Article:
Everyone kept talking about my ‘potential’, and how I wasn’t living up to it. The truth was, my potential never lay in school work. Notions of me attending one of the UK’s more prestigious universities started to dissipate as it became obvious that I wasn’t going to get the necessary grades. As a compromise, we started attending open days at (no disrespect intended) ‘less selective’ establishments – Northampton, Oxford Brookes, Salford, Aston, Lincoln and finally Portsmouth.

Through (limited) natural intelligence alone – I honestly can’t have done more than 10 hours of actual revision – I scraped three C’s at A level. It was enough to get me into my first choice of university, Portsmouth, but the overwhelming emotion felt on that day was relief, not joy.

Phew. Didn’t let anyone down.

Truly, I didn’t actually want to go to university. And if I did, it was for all the wrong reasons. I remember mulling over all the fun things that I’d miss out on if I didn’t go to Portsmouth, rather than being excited about the potential long-term benefits of gaining a degree in a subject that I supposedly enjoyed. I told my house tutor that I was considering going straight into employment after leaving King’s.
‘That sounds like a very sensible idea, Jonny’ was her reply; knowing smile and all. Maybe I should have heeded that smile.

Then again, maybe not. Whilst my time at university has come to an unsatisfactory conclusion, I can’t claim to have not developed as a person during my venture into higher education.

I’ve enjoyed four truly brilliant years at Portsmouth, and have learned many life lessons that can’t be taught in a classroom. I spent a thoroughly challenging but equally enjoyable year as President of the Christian Union, organising – and the ‘etc’ is fully justified here – a weekend away, a carol service, two weeks of events…etc! I’ve had my heart set on sports journalism for a fair while, so in more recent times I have relished the opportunity to get involved in reporting for the sports section of the university newspaper. Two of my greatest passions are sport and writing, so what better career to pursue than one that combines the two?’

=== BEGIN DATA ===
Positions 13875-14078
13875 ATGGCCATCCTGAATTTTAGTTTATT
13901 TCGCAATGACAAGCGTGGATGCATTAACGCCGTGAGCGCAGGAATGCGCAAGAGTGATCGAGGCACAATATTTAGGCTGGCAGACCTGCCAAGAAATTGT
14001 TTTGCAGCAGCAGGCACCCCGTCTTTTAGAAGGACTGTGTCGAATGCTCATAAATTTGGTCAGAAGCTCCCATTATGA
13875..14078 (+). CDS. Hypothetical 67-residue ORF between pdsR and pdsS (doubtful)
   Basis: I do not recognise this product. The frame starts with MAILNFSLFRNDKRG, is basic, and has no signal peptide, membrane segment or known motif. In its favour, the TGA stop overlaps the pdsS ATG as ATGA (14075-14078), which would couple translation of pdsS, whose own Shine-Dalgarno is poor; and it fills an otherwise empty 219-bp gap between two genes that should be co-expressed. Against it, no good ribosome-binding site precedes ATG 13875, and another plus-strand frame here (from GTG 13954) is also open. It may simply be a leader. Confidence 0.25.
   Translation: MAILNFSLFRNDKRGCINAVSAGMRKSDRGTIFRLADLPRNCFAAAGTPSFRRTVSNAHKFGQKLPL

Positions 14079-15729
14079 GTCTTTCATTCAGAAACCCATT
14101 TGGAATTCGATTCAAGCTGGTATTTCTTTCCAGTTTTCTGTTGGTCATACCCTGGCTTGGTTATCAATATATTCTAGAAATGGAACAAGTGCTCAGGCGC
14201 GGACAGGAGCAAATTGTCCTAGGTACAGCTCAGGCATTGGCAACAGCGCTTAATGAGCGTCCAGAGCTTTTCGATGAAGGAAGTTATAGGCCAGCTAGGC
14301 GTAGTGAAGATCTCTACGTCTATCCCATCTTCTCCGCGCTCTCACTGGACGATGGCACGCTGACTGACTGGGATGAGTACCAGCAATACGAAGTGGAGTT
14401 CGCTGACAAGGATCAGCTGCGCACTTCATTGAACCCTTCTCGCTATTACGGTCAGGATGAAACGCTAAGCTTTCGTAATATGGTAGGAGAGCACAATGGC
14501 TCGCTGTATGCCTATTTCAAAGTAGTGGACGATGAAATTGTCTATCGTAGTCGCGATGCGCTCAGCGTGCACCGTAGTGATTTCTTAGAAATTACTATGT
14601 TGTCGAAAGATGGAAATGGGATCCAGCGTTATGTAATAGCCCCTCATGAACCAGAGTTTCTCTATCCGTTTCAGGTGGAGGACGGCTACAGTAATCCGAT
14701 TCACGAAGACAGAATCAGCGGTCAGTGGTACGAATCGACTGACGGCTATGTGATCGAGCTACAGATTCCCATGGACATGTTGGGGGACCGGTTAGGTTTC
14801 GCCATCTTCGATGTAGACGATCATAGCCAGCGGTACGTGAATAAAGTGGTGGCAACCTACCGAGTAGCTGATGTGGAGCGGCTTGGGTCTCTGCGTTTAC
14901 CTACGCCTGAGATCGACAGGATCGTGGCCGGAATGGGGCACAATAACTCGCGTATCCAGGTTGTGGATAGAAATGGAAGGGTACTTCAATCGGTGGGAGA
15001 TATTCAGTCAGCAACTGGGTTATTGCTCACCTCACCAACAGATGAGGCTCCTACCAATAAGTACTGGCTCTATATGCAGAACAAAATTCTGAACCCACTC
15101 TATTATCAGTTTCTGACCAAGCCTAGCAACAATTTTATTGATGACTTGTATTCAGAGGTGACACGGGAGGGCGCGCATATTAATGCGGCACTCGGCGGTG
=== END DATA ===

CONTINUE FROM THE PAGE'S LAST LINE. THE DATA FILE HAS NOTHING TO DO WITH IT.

The city of Portsmouth is awesome, as are the people who inhabit it. The number of wedding invitations that I’ve received for this summer serves as an apt reminder as to just how dynamic and warm the social scene is in Portsmouth, and having my Grandma 20 minutes’ walk away made for unpredictable entertainment on an all too irregular basis. Only those who have been fortunate enough to meet the aforementioned Grandma will fully appreciate my use of the word ‘unpredictable’.

However, despite all the thrills and spills of the last four years, there is no hiding from the fact that I have failed in what I set out to achieve. I’ve covered the highs and lows that I experienced at school, and you’ve heard about the positives that I’ve drawn from my prolonged and unfruitful time at university, but now it’s time for the post-mortem.

I think I lack the motivation required to complete a degree. To be more specific, I hate learning for the sake of learning. If new knowledge serves a practical purpose and provides an immediate outcome, then I’ll lap it up and wrap it up.